The Friends of VA Medical Care and Health Research (FOVA), convened by the AAMC, submitted a statement for the record to the House Committee on Veterans Affairs (VA) for the April 28 hearing “U.S. Department of Veterans Affairs Budget Request for Fiscal Year 2023.”
In the statement, the coalition highlighted the value of the VA’s Medical and Prosthetic Research program and its ability to swiftly translate research discoveries into improved care for veterans and all Americans. To enhance support for the program, the coalition noted the importance of sustained meaningful growth in the yearly appropriation for research and supplemental infrastructure investments.
For fiscal year (FY) 2023, nearly 80 endorsing members of FOVA support a funding recommendation of $980 million for the research program (+$98 million, 11.1%). This compares to President Joe Biden’s request of $916 million in discretionary spending for VA research in FY 2023 as well as $30 million for the VA’s American Rescue Plan allocation, for a total investment of $946 million (+$64 million, 7.3%) [refer to Washington Highlights, April 1].
The endorsing organizations (representing national academic, medical, and scientific societies, voluntary health and patient advocacy groups, and veteran-focused associations) also recommended investments of at least $100 million for physical infrastructure and at least $22 million for information technology infrastructure within the VA research program.
The statement highlighted necessary investments in physical research space to maintain state-of-the-art research; information technology infrastructure to support increased reliance on cloud computing and data science resources and to utilize the full potential of research tools such as the Million Veteran Program; and the importance of supporting VA research to recruit and retain high-quality health care professionals and clinician-scientists to serve our nation’s veterans.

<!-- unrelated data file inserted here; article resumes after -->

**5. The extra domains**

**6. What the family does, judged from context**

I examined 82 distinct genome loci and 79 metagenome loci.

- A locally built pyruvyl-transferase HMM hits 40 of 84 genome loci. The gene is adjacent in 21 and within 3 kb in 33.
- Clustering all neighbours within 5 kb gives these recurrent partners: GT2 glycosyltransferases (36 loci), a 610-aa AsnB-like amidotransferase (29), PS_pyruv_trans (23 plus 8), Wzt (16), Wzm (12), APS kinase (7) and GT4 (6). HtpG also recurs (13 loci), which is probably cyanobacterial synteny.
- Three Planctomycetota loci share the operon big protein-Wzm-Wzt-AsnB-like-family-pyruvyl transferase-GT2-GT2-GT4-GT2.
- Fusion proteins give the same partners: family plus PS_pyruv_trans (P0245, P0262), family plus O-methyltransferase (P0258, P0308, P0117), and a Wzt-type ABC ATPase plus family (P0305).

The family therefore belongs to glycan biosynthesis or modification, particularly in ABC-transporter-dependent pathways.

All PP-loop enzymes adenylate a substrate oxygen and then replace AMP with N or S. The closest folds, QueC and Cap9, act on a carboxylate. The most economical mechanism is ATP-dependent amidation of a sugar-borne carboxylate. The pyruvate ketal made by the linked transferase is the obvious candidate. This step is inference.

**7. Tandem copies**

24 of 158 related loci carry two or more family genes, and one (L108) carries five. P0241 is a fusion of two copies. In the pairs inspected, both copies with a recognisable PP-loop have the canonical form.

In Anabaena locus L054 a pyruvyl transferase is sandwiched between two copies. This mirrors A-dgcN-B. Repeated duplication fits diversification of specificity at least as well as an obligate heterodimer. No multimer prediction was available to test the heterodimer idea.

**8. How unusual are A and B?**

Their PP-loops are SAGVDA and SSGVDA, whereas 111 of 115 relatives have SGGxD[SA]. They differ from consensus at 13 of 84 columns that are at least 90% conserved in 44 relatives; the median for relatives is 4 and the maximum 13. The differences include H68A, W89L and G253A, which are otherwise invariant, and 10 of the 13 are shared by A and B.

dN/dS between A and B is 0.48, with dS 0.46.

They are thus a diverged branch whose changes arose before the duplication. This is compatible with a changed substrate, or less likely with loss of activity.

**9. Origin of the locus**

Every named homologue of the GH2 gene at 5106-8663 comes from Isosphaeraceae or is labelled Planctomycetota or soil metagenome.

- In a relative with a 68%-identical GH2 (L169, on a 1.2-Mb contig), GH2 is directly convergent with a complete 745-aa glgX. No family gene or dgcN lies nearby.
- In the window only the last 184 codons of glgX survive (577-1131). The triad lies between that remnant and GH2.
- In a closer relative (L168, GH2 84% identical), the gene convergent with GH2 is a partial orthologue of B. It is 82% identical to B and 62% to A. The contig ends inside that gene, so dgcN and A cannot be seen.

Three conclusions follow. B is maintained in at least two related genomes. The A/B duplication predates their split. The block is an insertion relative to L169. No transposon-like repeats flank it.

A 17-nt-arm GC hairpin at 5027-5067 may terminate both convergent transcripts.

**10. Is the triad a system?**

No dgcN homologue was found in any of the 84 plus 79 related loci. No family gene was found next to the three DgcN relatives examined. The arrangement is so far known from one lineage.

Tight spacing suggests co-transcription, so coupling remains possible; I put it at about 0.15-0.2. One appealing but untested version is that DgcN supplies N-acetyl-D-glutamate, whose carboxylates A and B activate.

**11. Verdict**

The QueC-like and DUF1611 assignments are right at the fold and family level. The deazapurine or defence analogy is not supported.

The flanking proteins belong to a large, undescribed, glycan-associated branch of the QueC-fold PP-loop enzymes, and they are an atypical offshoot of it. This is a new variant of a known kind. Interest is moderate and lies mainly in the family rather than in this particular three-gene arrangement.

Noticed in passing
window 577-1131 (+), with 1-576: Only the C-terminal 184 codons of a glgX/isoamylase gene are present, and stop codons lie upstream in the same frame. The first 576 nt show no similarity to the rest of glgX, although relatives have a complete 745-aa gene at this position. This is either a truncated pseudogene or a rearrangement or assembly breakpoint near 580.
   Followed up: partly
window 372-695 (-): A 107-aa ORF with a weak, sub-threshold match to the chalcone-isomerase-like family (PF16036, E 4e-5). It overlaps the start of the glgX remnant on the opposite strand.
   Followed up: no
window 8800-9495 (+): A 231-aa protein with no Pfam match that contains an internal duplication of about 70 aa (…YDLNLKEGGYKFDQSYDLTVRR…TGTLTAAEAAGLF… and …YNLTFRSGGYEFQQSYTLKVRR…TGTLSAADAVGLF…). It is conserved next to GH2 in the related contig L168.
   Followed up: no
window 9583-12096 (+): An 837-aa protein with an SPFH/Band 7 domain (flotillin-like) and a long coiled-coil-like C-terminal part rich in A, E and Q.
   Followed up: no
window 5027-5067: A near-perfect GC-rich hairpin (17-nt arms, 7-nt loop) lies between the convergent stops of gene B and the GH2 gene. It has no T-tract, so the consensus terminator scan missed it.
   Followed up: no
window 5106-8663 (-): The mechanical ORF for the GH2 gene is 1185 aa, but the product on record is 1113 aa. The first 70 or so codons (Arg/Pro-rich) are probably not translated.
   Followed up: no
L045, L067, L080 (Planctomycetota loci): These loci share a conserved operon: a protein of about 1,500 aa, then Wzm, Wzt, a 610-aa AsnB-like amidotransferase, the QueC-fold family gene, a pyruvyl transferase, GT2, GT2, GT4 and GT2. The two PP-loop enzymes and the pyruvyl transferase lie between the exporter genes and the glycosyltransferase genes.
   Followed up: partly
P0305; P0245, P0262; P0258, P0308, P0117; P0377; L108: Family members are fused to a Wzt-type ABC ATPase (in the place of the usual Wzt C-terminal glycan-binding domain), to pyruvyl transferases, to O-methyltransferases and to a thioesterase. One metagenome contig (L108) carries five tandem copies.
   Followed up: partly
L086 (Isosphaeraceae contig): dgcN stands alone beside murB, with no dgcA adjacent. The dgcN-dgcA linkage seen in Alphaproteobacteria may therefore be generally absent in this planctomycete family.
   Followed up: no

During the hearing, committee Chair Mark Takano (D-Calif.) noted that he was “personally encouraged by this robust request,” for the VA in FY 2023. He shared support for the proposed investments to ensure all veterans have access to care and benefits and mental health and suicide prevention programs. Takano also noted his personal priority to address toxic exposures including working with the Senate to pass the House-passed Honoring Our Promise to Address Comprehensive Toxics (PACT) Act of 2021 (H.R. 3967), which President Joe Biden highlighted in his March 2022 State of the Union address [refer to Washington Highlights, March 4].
Takano also noted his concern about the data used to generate the VA’s recommendations to the Assets and Infrastructure Review (AIR) Commission [refer to Washington Highlights, March 18], intended to modernize VA health care infrastructure. VA Secretary Denis McDonough stated his shared concern and reminded the committee that the VA would continue to update the data in the coming months as the commission undertakes its review of the recommendations.
Ranking Member Mike Bost (R-Ill.) also questioned the need for adoption of the recommendations to the AIR Commission, to which McDonough replied that the maintenance and upgrade of the VA’s physical infrastructure is “overdue.”
McDonough is next expected to testify on the FY 2023 budget request on May 4 before the Senate Appropriations Subcommittee on Military Construction, VA, and Related Agencies.